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I pull into the carpool lane to pick my kids up from school and am yet again touched by the sight of a service dog with a bright pink lunch pail hanging from her mouth as she trots alongside a young girl in a wheelchair.
Then there is the computer-generated voice that says â€śAmen!â€ť at just the right moment during church. I am inspired by the young family in the front row as they minister to the physical and spiritual needs of their disabled son who is barely visible amidst the medical equipment that surrounds him. It would be so easy not to go to church but there they are, week after week.
How do these families and others like them keep their hope alive in the face of such daunting challenges?
Life can bring so many unexpected troubles like job loss, the breakup of a marriage, financial struggles, ill parents or the surprising diagnosis of a spouse or child. Itâ€™s so easy to get caught up in our troubles and heartache.
I am no stranger to hope- or hopelessness for that matter. Both of our children were born with cystic fibrosis which is a life-shortening genetic disease. Due to continuing medical advances, there is great hope for the future of those living with cystic fibrosis. I am generally optimistic about my childrenâ€™s future. But I know of a beautiful young lady who recently died from the disease at the tender age of twelve. And the many pills, medical treatments and hospital visits that my two children endure serve as a bleak reminder of our race against time with this progressive disease.
Sometimes the icy fingers of hopelessness hide in the shadows around my heart, waiting for a beat to falter so they can enter. But I donâ€™t let hopelessness sneak in for long. I canâ€™t. My children depend on me. Not only am I their caregiver, but also their role model. They will pick up on my cues as they learn to navigate their own way through a lifetime filled with the trials that their illness will impose upon them. If I model hope, they will be hopeful. If I model despair, then they will be hopeless.
So, how do we keep our hope alive even when we donâ€™t feel very hopeful?
Throughout my lifeâ€™s journey I have had many teachers encourage me, inspire me and lead the way. I have noticed they all have one thing in common: gratitude.
A little research on gratitude turned up some interesting things. It is not clear why some people are naturally more positive than others. Perhaps itâ€™s genetic. But it is clear that purposely focusing on what we are thankful for, instead of what we are upset about, will help us feel more optimistic about the future as well as more loving, forgiving, joyful, healthy and, of course, hopeful in the present.
So the good news is that an attitude of gratitude is a choice! Anyone can be more thankful with a little awareness and effort. Hereâ€™s how:
1. Pay attention to your thoughts. Make the decision to replace negative thoughts with positive ones. For example, say â€śI am thankful for having medical insuranceâ€ť rather than â€śWhat a hassle this insurance company is!â€ť Repeat over and over as necessary!
2. Stay in the present. Focusing on the challenges of the past or on what might happen in the future can rob your joy today. What are you grateful for right now? Clean clothes? A family? Food on the table? Start with the simple things in life that we often take for granted.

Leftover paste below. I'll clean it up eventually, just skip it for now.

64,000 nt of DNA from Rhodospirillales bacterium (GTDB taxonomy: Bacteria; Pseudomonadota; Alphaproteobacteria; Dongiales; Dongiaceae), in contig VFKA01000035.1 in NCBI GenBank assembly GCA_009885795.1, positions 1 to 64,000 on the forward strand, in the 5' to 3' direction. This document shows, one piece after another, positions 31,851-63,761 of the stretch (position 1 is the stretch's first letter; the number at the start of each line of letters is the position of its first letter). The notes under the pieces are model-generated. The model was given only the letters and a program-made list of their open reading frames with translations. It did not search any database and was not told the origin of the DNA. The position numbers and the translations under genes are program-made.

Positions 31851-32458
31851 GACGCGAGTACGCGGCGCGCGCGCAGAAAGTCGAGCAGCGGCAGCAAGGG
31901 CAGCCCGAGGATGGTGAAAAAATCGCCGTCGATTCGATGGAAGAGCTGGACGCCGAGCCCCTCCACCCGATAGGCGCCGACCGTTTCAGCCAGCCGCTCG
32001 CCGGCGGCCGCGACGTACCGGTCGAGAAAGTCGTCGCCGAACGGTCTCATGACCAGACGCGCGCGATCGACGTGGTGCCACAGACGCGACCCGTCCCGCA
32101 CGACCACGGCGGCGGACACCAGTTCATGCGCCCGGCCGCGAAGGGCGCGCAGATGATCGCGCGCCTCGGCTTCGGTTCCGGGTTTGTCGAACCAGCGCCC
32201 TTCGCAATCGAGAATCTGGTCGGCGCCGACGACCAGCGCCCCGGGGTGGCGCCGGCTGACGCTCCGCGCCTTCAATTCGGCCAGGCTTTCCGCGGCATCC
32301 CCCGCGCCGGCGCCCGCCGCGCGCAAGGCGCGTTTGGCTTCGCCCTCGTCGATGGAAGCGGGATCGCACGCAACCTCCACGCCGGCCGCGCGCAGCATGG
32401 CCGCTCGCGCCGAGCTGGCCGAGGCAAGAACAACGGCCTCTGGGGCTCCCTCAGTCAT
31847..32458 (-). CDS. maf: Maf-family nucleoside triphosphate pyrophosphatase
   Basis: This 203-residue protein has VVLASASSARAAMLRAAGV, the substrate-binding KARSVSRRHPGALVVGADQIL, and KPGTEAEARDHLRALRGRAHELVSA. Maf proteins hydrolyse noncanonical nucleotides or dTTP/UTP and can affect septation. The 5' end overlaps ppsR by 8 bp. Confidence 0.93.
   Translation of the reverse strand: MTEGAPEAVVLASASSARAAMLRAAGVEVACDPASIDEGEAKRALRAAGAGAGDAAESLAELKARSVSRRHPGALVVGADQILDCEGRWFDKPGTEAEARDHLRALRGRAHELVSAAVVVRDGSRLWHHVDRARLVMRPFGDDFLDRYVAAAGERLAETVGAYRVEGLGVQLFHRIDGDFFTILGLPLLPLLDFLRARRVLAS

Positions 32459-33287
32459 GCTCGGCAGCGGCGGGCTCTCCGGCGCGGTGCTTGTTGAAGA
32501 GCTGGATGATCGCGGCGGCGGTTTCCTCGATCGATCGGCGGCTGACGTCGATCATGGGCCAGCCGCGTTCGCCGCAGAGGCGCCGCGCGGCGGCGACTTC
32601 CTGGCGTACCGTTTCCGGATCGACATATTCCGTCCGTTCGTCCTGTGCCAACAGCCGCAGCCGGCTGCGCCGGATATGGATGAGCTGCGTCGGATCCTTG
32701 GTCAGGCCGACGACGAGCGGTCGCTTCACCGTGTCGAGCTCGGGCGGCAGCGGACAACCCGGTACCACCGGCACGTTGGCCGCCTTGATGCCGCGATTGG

3. Take five minutes each day to meditate on one or two things you are thankful for. What blessings did your day hold? A meaningful moment with a loved one? A beautiful sunset? A word of encouragement given or received? A job well done?
4. Begin a â€śgratitude journal.â€ť Write down one different thing that you are thankful for each day for three weeks. Notice how much happier you feel. Then, keep going.
5. Share your blessings each day with your family- especially your children. Ask them what their blessings were, too. An attitude of gratitude is contagious!
Sometimes it can be difficult to muster up the will to count our blessings. Here are some tips for keeping our hope alive during those especially hard times:
Keep your expectations reasonable. Hoping for a miracle can keep us going but can be devastating when it doesnâ€™t happen quickly enough. Miracles can happen! And itâ€™s also important to stay grounded in reality. Having faith with reasonable expectations helps us stay balanced.
Take the time to grieve: Bad things happen. And when they do, we understandably respond with shock, anger and despair. The way to acceptance is through these emotions by allowing ourselves the time and space to grieve. The key is to find a balance and not get stuck.
Faith filled folks have more hope! When times are really tough, we need something to hold on to- some sort of anchor in the storm. We can find comfort in knowing that there is something bigger than us in all of this; that there is some meaning and purpose for it all- even if we donâ€™t know what that might be. So, how do we keep our hope alive? Marla, mom of sweet baby Emma (who has cystic fibrosis), sums this up for us perfectly: â€śI look at my daughter's face. Seeing her beautiful smile gives me hope.â€ť
*********Lisa C. Greene is a national public speaker, writer, and mother of two children with cystic fibrosis. She is the co-author with Foster Cline MD of the book â€śParenting Children with Health Issues: Essential Tools, Tips and Tactics for Raising Kids with Chronic Illness, Medical Conditions and Other Special Needs.â€ť This article was previously published through www.ParentingChildrenWithHealthIssues.com and republished with permission from Lisa Greene.
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read more: Keeping Hope Alive During Tough Times